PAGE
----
Five games we played at E3 worth getting hyped for

The Electronic Entertainment Expo, or E3, is a once-yearly smorgasbord of gaming that fills the Los Angeles Convention Center. This year, the expo took on 15,000 public attendees, a rare occurrence for an event mostly organized around the games industry and the press that cover it.

Despite the 68,000+ total crowd and the flurry of lights and sounds, E3 2017 had plenty to offer fans excited for what's to come later this year and beyond. Microsoft unveiled its super-powered Xbox One X, Nintendo showed off a lineup of new Switch and 3DS titles (including a much-requested return to the Metroid franchise), and Sony doubled-down on its exclusive catalog, including 2018's Spider-Man and God Of War.

What had us most excited, though, were the games we got to spend some time with on the showfloor. Without further ado, here are five games we played at E3 (all releasing this year) that are worth getting hyped for.

Super Mario Odyssey

Platform: Nintendo Switch | Release Date: Oct. 27

In typical Nintendo fashion, the gaming juggernaut brought its flagship fall title, the highly-anticipated Super Mario Odyssey. The game, which Nintendo is positioning as a follow-up to the open-world exploits of Super Mario 64 and Super Mario Sunshine, is absolutely gorgeous, and its crystalline worlds beg for exploration.

Box art for Super Mario Odyssey.

The demo we got to play was split into two parts, each ten minutes long. The first took place in the game's New Donk City, a riff on New York City, mayored by Mario's original female friend Pauline, first seen in Donkey Kong. In this level, Mario can explore the city in a few interesting ways, including riding a moped, leaping off the hood of taxis or swinging from streetlights. In the weirdest turn of events, Mario can now possess enemies, non-playable characters and items in the world with his hat, and in New Donk City, this means taking over actual humans, cars and more.

The second half of the demo took place in a a Day of the Dead-inspired world full of sugar skull characters and a collection of colorful, culture-inspired landscapes. While the New Donk City demo was more about exploration, this one was more focused on platforming and objectives. It also introduced us to a new warp pipe mechanic, where Mario hops into the pipe and appears on a wall as old school, 8-bit graffiti, leading to a miniature portion of gameplay reminiscent of the original Nintendo games.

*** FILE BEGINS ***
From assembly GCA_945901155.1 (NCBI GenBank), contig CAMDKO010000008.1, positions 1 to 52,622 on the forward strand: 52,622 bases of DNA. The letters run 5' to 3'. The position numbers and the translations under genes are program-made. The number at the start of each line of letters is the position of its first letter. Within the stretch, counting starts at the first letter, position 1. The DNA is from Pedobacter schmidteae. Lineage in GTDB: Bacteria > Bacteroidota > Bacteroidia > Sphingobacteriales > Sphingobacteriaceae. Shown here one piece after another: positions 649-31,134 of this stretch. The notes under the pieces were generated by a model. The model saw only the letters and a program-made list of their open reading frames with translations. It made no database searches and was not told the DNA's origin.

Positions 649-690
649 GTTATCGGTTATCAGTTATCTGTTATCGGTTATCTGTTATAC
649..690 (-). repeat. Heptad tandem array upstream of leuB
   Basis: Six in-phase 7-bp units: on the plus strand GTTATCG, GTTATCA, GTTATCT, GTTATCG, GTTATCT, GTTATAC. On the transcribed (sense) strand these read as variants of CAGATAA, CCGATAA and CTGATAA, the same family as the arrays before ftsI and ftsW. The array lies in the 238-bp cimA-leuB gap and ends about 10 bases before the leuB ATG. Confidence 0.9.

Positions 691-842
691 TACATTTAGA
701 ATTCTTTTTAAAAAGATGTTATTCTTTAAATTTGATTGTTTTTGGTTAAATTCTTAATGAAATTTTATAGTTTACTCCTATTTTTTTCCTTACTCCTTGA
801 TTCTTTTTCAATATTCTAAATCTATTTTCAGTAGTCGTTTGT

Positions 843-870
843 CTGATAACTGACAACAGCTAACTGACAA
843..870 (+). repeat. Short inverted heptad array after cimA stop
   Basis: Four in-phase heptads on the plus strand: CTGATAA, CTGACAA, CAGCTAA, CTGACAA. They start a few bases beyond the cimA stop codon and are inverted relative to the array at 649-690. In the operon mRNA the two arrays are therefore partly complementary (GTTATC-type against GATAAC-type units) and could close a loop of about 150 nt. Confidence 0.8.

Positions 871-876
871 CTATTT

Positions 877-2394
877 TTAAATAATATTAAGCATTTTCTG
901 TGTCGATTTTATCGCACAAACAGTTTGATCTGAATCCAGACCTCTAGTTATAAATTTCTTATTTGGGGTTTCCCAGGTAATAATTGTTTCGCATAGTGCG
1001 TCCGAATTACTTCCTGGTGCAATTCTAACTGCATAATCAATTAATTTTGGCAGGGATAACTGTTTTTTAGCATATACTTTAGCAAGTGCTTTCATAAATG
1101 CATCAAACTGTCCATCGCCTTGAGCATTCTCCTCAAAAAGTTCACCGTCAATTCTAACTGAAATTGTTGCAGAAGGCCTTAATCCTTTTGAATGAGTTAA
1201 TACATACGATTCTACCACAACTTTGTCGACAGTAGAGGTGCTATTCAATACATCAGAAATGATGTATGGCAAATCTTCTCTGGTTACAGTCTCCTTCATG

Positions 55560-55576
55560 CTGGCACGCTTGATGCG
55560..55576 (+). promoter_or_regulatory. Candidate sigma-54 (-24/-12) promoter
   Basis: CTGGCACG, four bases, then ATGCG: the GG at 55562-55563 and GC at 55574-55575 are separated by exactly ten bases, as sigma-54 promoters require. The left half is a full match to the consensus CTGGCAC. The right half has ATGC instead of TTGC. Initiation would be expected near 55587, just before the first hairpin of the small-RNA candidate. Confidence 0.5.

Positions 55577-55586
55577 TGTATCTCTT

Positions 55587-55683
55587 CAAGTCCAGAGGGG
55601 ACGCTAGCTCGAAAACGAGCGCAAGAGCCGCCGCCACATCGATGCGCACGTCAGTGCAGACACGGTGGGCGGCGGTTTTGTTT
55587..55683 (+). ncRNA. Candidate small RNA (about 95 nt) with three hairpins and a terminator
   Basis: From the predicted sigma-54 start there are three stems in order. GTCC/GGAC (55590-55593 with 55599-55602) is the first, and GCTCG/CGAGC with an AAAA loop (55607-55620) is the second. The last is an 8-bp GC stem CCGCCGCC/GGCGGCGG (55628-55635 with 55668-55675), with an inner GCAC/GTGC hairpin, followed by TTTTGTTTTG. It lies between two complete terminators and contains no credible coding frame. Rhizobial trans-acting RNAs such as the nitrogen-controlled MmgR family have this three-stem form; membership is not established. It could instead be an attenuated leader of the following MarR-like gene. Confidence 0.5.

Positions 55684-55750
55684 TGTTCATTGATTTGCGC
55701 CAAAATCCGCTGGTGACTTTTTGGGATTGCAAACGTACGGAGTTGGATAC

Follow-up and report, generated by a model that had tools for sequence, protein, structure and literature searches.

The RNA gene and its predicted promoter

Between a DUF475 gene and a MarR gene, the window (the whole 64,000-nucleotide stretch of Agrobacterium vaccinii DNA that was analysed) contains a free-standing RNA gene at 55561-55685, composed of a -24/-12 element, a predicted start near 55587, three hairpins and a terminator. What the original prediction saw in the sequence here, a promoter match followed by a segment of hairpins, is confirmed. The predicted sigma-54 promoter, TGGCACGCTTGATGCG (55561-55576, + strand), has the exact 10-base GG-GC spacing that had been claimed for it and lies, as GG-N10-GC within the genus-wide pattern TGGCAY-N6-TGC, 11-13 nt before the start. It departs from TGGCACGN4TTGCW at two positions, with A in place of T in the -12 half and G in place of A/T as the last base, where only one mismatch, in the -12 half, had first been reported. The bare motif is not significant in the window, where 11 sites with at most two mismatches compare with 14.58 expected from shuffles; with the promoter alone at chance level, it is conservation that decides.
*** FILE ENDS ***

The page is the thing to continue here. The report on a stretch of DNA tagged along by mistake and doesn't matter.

With the game releasing this October, Nintendo will be completing an unparalleled one-two punch on the Nintendo Switch. With The Legend of Zelda: Breath of the Wild releasing earlier this year, tying a bow on the Switch's first year with a fully-fledged, original Mario game is more than fans could ask for. It helps that it's really, really good, too.

Middle-earth: Shadow of War

Platforms: PlayStation 4, Xbox One, PC | Release Date: Oct. 10

Middle-earth: Shadow of War is a follow-up to 2013's Shadow of Mordor, a game that took plenty of us by surprise when it tackled the Lord of the Rings lore with grace and delivered a stellar action game with plenty to do and a refreshing new game mechanic: the Nemesis system.

Taking each of the first game's successes and moving them a peg forward, Shadow of War expands the original's Nemesis system (where you could essentially decide which enemies in the overworld to take down first, in turn affecting the game's story), and the newly-birthed Bright Lord can use that system to build an army of his own.

Enemies circle around a castle in Middle-earth: Shadow of War

And that's just what the E3 demo we played focused on, storming an enemy fortress. Using the Nemesis system, an army was already set for us, built from orcs we convinced to join our fight against Sauron. We were able to select our war chiefs and a perk for each of them. For this demo, we picked an army of spiders, some brute orcs and a trebuchet that launched poisonous bombs into enemy territory. OK, what's next? Oh boy.

After an inspiring war cry from the main character, our army charged at the castle, and as nearly 100 allies filled the screen, it became clear that the game was something special, taking us back to a time when we'd play with army men or action figures. Shadow of War doesn't lock this to a cutscene, it lets you fight in the thick of it. We took control points and captured the castle, and the demo ended with a boss fight, allowing us to kill, shame or force the enemy to join our fight. If this was just a small piece of the game, we can't wait to see what's in store when it releases later this year.

South Park: The Fractured But Whole